The artist Tete De Alencar goes nowhere without a disposable camera tucked in her bag. It’s her notebook. Not every image she takes will see the light of day; for one project she decided to transform her used cameras into playful conceptual pieces. Saved from the destruction of processing she decorated and exhibited them instead, images locked inside. For her the disposable camera offers an easy intimacy with her surrounds that is not merely visual. Perhaps this was why when she saw a beautiful but impossibly expensive dress in the shop window of a top designer boutique, it was suddenly not enough to just take a picture and walk on. Intimacy with that dress beckoned and following her fashion weakness, she adopted an air of entitlement, entered the shop, secured the dress and retired to the changing room to get into it. Buoyed by the surreal circumstances she now found herself, she retrieved the camera to face the changing room mirror and quickly photograph her body in the garment. She made sure the flash obscured her face. A simple self-portrait this was not.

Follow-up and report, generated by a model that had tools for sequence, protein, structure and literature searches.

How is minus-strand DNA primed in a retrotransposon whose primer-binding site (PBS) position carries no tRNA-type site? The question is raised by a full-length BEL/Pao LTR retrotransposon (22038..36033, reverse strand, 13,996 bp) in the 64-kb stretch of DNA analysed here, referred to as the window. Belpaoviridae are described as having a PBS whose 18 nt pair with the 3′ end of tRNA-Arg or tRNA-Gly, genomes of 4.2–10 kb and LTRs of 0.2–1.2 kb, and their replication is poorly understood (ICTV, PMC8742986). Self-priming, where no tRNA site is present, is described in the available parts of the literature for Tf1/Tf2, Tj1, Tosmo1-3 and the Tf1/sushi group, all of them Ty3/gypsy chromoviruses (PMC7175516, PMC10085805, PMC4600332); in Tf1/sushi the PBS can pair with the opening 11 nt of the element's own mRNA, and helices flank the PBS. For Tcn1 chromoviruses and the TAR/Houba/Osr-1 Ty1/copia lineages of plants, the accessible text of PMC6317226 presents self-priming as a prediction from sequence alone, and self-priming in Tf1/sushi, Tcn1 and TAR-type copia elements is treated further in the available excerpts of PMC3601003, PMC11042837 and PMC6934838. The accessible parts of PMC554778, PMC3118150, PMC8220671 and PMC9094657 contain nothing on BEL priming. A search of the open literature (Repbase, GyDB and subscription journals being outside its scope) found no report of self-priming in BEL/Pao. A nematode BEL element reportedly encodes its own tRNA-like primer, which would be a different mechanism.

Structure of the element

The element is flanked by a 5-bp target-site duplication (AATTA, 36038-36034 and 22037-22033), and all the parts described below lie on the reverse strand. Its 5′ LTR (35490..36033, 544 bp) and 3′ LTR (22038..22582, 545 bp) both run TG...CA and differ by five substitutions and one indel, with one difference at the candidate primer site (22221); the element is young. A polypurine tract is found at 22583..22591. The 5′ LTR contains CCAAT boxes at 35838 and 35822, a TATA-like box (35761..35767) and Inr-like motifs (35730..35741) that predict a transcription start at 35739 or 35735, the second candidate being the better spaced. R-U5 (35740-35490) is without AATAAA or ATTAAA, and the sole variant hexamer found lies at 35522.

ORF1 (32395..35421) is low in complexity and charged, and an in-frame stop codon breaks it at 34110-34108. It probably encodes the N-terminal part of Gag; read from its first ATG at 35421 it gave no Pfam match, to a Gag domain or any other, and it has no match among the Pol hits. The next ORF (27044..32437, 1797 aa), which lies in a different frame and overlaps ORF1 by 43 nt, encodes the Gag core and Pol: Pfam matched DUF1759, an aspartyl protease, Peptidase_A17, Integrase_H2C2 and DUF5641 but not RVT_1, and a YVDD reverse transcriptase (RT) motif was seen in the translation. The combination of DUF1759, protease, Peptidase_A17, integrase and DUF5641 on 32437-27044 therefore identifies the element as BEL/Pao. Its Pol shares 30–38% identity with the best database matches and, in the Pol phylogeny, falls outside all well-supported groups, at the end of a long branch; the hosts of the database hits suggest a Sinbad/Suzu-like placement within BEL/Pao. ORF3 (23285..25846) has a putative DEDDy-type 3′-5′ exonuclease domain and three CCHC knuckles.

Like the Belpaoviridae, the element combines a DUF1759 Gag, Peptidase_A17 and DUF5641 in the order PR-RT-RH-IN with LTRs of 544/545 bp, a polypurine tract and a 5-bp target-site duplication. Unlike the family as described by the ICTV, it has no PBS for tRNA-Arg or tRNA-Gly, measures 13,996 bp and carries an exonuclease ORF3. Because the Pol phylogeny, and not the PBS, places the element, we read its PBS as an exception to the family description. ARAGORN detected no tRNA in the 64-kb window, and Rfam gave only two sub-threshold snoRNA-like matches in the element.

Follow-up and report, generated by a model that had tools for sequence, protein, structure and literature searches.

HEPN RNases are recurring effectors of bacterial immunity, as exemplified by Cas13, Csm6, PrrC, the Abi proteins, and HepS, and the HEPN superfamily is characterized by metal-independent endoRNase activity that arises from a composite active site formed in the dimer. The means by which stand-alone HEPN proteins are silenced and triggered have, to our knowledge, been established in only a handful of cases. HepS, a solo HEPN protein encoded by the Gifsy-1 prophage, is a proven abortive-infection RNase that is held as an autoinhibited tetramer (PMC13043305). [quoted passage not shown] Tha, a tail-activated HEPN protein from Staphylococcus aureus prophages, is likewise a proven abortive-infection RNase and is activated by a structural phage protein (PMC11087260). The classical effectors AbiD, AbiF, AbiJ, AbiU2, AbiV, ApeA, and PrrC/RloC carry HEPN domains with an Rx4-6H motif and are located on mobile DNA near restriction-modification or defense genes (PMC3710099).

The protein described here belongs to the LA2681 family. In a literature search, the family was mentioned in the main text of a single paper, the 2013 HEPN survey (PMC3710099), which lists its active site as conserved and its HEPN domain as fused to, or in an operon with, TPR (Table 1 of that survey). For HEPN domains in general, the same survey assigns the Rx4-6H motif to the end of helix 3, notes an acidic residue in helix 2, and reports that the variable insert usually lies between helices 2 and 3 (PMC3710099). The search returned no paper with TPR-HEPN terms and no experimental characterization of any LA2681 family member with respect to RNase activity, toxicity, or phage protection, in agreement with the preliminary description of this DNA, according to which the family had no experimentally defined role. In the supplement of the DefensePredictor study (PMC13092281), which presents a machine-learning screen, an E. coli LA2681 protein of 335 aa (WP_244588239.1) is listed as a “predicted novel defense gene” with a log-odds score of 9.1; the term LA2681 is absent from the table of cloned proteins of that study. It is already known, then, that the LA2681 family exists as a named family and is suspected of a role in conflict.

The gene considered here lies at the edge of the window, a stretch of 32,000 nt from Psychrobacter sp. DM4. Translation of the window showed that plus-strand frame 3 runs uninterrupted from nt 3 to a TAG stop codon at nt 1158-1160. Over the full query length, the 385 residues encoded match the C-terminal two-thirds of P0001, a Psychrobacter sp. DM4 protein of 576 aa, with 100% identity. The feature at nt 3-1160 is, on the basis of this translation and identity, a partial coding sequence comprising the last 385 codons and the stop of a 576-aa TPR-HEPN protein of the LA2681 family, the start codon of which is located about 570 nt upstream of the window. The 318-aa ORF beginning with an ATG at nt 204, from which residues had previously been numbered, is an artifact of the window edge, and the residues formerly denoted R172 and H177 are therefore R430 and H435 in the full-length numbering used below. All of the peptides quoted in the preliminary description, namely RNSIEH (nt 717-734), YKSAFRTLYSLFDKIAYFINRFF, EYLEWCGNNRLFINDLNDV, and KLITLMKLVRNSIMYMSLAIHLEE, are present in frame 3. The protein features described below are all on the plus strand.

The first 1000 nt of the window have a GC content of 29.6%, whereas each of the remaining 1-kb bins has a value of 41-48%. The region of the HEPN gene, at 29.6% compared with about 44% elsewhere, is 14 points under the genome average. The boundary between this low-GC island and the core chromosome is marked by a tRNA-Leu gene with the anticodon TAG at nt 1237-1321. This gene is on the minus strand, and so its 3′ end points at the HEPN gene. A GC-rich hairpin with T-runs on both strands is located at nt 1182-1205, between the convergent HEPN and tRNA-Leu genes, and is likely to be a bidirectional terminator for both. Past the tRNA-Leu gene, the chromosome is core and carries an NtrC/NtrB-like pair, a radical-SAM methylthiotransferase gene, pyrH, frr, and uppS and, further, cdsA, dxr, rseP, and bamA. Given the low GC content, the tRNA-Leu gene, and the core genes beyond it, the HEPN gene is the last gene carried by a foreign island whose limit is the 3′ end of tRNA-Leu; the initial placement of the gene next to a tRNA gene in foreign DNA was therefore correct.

What we get is a snapshot, badly lit, with a slightly sordid feel about it, someone squeezed into a frock in a small space. But once the artist’s motives and setting are understood, it is striking how wonderful these images are: timely, scratchy antidotes to the über-crafted sleekness of fashion photography. They are acts of subversion.
De Alencar merely wished to indulge her desire to know what such a dress would feel like on her body but, like the majority of us, found real and imaginary obstacles. Enjoying the unexpected ‘high’ of empowerment, she realized that the more she risked the deeper she was delving into universal truths surrounding privilege and women’s bodies. There was no way she could resist repeating this performance again and again.
The artist arranged to work three very different fashion terrains: New York, London and Paris. She built up a fascinating series of encounters – each a performance in itself – that exposes sharp differences in the supposedly international milieu of high fashion. The aim remained simple and consistent – to try on an expensive dress and photograph herself in it – but to accomplish this De Alencar needed to adapt her tactics to negotiate different professional sales styles and attitudes, assuming that is she could bypass security first.